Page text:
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Minnesota Missing and Murdered Indigenous Relatives Office unveils new logo

May 03, 2023 09:12AM ● By Content Editor
Image: Missing and Murdered Indigenous Relatives (MMIR) Office

From Office to Amplify Growing Epidemic During National Day of Awareness/MN Office of Public Safety - May 3, 2023

Minnesota's first-in-the-nation Missing and Murdered Indigenous Relatives (MMIR) Office is publicly releasing the poignant image that will directly identify its work moving forward. Director Juliet Rudie and her staff worked with an Indigenous firm over several months, and took great considerations, to create the MMIR Office logo. 

“Our goal was to have our logo recognize the growing epidemic of missing and murdered Indigenous people," Rudie said. “We hope this image brings a renewed awareness to the crisis affecting Indigenous people across Minnesota while evoking a sense of hope for a better and brighter future without violence, poverty, racism and injustice."

The main element of this logo features a gender-agnostic Indigenous person accompanied by a powerful image that many people associate with this movement of missing and murdered Indigenous people. The iconic red handprint is placed over the person's mouth. In addition to the color red, the MMIR Office wanted to incorporate various shades of teal to represent awareness, prevention and support of sexual assault survivors. Finally, the person sits in front of a red circle representing the sun, which signifies a new day and new beginnings for Indigenous people everywhere.

This logo release comes just days before the May 5 National Day of Awareness for Missing and Murdered Indigenous Relatives. Indigenous people make up just 1 percent of the state's population, but between 2010 and 2019, 9 percent of all murdered girls and women in Minnesota were American Indian.

“These may be shocking statistics, but I urge you to think about them in a different way," Rudie said. “These victims are not just numbers, but human beings with families, jobs, dreams and futures."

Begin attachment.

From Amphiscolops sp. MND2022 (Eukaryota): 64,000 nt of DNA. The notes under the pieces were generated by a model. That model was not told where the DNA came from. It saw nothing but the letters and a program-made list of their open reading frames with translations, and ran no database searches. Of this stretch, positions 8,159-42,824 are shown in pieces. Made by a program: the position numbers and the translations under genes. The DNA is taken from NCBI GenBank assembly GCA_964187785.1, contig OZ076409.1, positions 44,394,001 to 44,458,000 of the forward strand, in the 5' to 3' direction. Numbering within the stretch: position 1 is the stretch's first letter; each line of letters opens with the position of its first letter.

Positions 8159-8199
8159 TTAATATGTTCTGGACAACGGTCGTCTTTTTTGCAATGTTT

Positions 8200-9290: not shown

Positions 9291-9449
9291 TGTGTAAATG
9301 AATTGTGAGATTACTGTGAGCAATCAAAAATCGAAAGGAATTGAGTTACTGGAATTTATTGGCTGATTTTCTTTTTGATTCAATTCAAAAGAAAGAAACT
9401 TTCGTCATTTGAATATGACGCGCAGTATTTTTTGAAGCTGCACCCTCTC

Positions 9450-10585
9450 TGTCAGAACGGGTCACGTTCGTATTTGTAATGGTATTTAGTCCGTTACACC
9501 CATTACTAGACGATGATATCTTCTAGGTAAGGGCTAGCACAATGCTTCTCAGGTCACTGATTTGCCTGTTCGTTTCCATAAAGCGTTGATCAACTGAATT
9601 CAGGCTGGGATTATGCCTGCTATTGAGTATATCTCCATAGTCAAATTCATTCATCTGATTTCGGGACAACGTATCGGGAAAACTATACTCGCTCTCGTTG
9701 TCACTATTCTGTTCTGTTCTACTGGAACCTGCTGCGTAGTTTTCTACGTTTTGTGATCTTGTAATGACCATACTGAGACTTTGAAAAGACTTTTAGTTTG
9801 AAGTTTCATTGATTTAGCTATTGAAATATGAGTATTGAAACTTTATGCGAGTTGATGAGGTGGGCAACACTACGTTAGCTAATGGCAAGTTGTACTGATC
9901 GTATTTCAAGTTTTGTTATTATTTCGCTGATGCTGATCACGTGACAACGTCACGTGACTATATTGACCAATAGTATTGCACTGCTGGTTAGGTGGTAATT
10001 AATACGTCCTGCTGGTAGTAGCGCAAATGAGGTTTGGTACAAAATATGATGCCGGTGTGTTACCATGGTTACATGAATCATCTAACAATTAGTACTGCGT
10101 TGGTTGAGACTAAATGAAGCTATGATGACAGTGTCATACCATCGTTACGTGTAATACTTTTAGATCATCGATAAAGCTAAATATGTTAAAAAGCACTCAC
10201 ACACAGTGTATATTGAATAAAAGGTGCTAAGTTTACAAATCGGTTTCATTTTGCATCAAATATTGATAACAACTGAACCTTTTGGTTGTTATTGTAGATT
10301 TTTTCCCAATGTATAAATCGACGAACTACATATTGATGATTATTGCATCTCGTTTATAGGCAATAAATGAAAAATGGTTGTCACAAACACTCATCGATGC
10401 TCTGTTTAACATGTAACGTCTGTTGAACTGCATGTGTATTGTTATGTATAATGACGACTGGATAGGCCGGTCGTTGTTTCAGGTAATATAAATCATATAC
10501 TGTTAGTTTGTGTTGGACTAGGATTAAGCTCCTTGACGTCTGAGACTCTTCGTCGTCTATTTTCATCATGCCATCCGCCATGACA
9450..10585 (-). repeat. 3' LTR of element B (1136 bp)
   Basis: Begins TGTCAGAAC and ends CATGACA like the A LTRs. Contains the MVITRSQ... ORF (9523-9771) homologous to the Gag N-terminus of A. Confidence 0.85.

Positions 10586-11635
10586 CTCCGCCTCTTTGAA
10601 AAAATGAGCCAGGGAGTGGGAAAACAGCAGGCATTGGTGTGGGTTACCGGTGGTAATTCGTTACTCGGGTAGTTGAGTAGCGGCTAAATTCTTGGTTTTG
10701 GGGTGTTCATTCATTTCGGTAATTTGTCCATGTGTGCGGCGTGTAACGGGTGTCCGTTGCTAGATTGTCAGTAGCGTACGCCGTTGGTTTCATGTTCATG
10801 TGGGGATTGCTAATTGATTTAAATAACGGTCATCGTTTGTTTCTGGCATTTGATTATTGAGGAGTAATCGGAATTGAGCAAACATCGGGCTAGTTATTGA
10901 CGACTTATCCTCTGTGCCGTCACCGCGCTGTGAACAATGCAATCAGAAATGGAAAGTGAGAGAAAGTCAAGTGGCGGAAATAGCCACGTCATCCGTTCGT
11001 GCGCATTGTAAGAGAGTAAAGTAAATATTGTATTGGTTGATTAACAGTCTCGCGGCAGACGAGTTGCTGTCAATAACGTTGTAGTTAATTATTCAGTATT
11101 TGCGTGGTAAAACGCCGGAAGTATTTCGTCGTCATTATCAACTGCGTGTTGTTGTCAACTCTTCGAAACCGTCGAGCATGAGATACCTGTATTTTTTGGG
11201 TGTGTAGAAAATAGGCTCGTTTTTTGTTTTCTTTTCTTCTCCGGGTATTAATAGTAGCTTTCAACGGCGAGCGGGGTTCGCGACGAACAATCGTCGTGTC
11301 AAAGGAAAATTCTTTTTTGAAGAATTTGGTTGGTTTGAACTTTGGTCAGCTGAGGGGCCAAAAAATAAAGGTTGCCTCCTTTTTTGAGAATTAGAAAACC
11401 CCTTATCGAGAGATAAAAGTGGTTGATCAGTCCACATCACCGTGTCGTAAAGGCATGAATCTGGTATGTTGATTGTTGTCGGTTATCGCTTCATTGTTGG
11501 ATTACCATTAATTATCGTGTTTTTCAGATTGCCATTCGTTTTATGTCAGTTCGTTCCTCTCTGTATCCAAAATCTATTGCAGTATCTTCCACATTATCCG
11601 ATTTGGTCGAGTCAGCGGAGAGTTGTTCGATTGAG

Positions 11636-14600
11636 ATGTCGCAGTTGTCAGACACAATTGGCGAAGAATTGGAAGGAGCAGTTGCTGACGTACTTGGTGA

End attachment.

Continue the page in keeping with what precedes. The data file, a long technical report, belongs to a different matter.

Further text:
In its first two years of existence, the MMIR Office has welcomed a staff that has accomplished key projects to reach the ultimate goal of reducing and eliminating violence against Minnesota's Indigenous people. These accomplishments include:

  • Working with families who have missing or murdered loved ones by supporting and guiding them during a law enforcement investigation and connecting them to victims service professionals.
  • Building relationships with tribal leadership, victim service providers, law enforcement agencies, and Crime Stoppers Minnesota.
  • Developing training standards for law enforcement on Brandon's Law (Minnesota Missing Persons' Act) and anti-bias with specific focus on Indigenous people.
  • Presenting at public education events and offering lectures to youth, families and the community. 

When a loved one goes missing or is murdered, the fear and grief can be overwhelming. Our office is here to help support and guide families and communities through this horrific time. For Minnesota's Indigenous population, the pain is compounded by the epidemic of violence their communities continually face. Understanding the root causes of violence, such as racism, colonization, and historical trauma, is key to identifying solutions of prevention and reduction.

In 2019, the Minnesota Missing and Murdered Indigenous Women (MMIW) Task Force and Wilder Research provided a report to the state legislature. The report included mandates aimed at reducing and ending violence against Indigenous women, girls and Two-Spirit people. As a result, the legislature created the MMIR Office to provide support and resources for affected indigenous families and communities. 

Gov. Tim Walz signed into law the legislation to establish the MMIR Office in 2021. Staff are housed in the Department of Public Safety Office of Justice Programs (OJP) and will work to implement the recommendations of the MMIW Task Force. 

Visit the MMIR Office's webpage to learn more about its current scope of work. Download high resolution versions of the MMIR Office logos. ​

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